Disabled & neurodivergent consumers have always existed but due to a lack of support, they struggle to surface their concerns and feel acknowledged. Disabled/Neurodivergent people must actively collaborate in the design process from the beginning as they will be the beneficiaries. Tommy Hilfiger, Paul Smith and Alexander McQueen are all designers with dyslexia. Hilfiger says, “I was embarrassed to talk to my teachers and family about it”. Since no one knows how to help you more than yourself, this is an important issue to be addressed if we are to see change. Having a say within the fashion industry isn’t just down to choosing to do a related course and doing well, but the foundations of education in which neurodivergent differences are appreciated from the beginning.

Certain oppressed groups are easily identified; however, disabilities aren’t always visible, and people soon forget things that aren’t visible. We would never forget our desire for a perfect 6-pack body as they’re plastered all over marketing campaigns and you can see how from a neurodivergent point of view the lack of advertising/representation may feel like a manifestation of shame towards the community. Therefore, neurodivergent individuals need to be trained on how to use their voices so they can speak up for themselves.

People with Autism can find scratchy or stiff clothing intolerable and prefer soft textures like fleece, less seems on clothing and no rough labels. The reason being they are hypersensitive (to the stimulation of their senses) leading to profound limitations on daily tasks. Clothing stores usually smell strongly of perfume and play loud music which causes sensory overload. Autistic individuals would therefore find themselves avoiding such places and feeling left out. Disabled individuals have had to find ways to cleverly utilise abled functions such as zippers, buttons, annoying tags and shoes. Hilfiger also said that “Growing up with dyslexia, I always understood the unique challenges & frustrations that could be faced in daily life”. Such a crushing thought for anybody who is neurodivergent.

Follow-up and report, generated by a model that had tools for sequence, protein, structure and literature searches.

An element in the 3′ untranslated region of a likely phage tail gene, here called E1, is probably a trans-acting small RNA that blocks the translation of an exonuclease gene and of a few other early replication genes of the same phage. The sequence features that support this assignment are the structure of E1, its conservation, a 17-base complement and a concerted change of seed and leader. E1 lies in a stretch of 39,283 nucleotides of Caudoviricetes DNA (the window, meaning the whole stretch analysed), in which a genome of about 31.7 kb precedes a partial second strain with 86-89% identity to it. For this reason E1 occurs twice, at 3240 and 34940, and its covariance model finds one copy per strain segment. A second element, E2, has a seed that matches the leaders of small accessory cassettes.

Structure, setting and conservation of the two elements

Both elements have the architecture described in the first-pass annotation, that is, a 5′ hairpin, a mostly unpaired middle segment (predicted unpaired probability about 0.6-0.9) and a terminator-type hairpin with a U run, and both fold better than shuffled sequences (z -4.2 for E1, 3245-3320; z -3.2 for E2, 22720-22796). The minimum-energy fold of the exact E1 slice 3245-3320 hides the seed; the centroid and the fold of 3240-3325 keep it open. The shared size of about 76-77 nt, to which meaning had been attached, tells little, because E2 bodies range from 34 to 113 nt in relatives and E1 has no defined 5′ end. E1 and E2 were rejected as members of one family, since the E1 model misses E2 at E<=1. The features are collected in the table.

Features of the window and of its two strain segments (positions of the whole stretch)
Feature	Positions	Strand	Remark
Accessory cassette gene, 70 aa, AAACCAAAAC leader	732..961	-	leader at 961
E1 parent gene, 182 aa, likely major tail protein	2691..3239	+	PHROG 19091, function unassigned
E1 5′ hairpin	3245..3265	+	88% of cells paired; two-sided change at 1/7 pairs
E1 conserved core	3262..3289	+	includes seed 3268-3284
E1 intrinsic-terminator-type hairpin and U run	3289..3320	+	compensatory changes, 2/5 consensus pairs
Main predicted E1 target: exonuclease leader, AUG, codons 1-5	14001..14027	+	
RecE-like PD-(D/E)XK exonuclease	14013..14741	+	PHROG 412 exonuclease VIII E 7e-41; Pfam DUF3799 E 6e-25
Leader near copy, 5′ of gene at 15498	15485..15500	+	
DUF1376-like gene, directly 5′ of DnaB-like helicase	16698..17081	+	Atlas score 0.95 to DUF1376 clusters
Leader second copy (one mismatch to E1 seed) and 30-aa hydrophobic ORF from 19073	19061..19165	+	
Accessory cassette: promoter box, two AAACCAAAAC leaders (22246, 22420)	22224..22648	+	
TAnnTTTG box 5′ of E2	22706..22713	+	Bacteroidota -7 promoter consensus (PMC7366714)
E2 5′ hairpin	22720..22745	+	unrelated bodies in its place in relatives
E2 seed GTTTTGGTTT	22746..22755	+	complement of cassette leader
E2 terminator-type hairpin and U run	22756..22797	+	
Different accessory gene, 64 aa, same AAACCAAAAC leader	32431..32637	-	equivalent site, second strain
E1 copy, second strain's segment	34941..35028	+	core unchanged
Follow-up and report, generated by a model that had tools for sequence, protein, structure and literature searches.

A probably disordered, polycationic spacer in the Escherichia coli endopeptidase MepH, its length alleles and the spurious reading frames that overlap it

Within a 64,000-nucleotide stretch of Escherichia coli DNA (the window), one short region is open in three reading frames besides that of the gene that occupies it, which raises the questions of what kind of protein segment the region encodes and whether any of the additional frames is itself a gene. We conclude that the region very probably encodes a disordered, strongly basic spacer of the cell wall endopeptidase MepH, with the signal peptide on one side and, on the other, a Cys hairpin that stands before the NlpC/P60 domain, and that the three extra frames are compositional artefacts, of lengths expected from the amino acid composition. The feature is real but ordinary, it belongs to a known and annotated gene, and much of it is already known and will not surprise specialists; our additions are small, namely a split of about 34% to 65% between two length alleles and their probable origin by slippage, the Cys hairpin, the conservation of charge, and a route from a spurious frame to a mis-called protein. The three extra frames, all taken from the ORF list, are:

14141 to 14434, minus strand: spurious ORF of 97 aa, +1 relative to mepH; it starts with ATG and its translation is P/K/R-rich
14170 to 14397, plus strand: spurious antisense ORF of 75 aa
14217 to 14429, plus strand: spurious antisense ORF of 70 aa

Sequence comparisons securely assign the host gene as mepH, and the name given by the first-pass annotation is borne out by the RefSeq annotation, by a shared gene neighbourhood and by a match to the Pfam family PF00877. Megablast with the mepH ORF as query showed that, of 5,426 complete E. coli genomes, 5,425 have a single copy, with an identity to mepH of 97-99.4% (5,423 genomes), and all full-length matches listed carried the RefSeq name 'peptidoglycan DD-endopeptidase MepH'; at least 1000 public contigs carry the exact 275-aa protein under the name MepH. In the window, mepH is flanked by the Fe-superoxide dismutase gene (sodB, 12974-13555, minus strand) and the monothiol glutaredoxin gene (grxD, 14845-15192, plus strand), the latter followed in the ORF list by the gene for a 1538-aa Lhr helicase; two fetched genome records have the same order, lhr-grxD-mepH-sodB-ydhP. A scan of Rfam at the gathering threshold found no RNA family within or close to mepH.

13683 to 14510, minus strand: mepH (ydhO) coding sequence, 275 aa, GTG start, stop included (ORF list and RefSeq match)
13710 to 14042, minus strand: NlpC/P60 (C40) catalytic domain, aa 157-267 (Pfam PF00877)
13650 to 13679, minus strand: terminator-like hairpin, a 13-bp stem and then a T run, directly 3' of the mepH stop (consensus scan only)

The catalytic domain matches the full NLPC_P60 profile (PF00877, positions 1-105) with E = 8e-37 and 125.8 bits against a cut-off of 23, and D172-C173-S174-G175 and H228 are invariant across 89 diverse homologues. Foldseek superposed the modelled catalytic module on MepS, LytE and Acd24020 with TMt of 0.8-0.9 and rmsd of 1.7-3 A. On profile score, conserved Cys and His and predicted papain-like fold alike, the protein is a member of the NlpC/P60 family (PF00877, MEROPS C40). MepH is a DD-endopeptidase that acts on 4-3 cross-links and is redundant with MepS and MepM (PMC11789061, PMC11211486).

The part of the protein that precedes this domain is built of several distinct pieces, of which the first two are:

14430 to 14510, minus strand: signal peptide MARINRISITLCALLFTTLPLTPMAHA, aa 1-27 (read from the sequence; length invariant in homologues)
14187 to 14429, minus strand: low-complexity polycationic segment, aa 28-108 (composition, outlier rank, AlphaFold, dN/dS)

What should be done about it?

Brands can influence fashion design school curriculums to root inclusivity into the next generation of designers. Not only would this change inspire a new skill set but it’s the thought-provoking change the disabled community has been looking for. When such considerations are rooted in an industry’s education it acts as a seed, opening new career paths such as a speciality in inclusive design.

Job descriptions can use simplified English to describe and highlight essential skills rather than being long complicated descriptions that some users may struggle to read. Interviews with on-the-spot questions and lots of eye contact can be overloading to the neurodivergent mind. Instead, employers can set tasks and tests to complete at home or any other creative way to communicate strengths.

I believe the extent to which Neurodiversity is appreciated by designers are appreciated others aren’t. It is our education that is disabling individuals. An industry that aims to inspire and influence individuals cannot be selective to the majority. If there is anyone who can inspire people, it is those who have grown up in a world that doesn’t appreciate cognitive dissimilarities despite the hardships faced in daily life.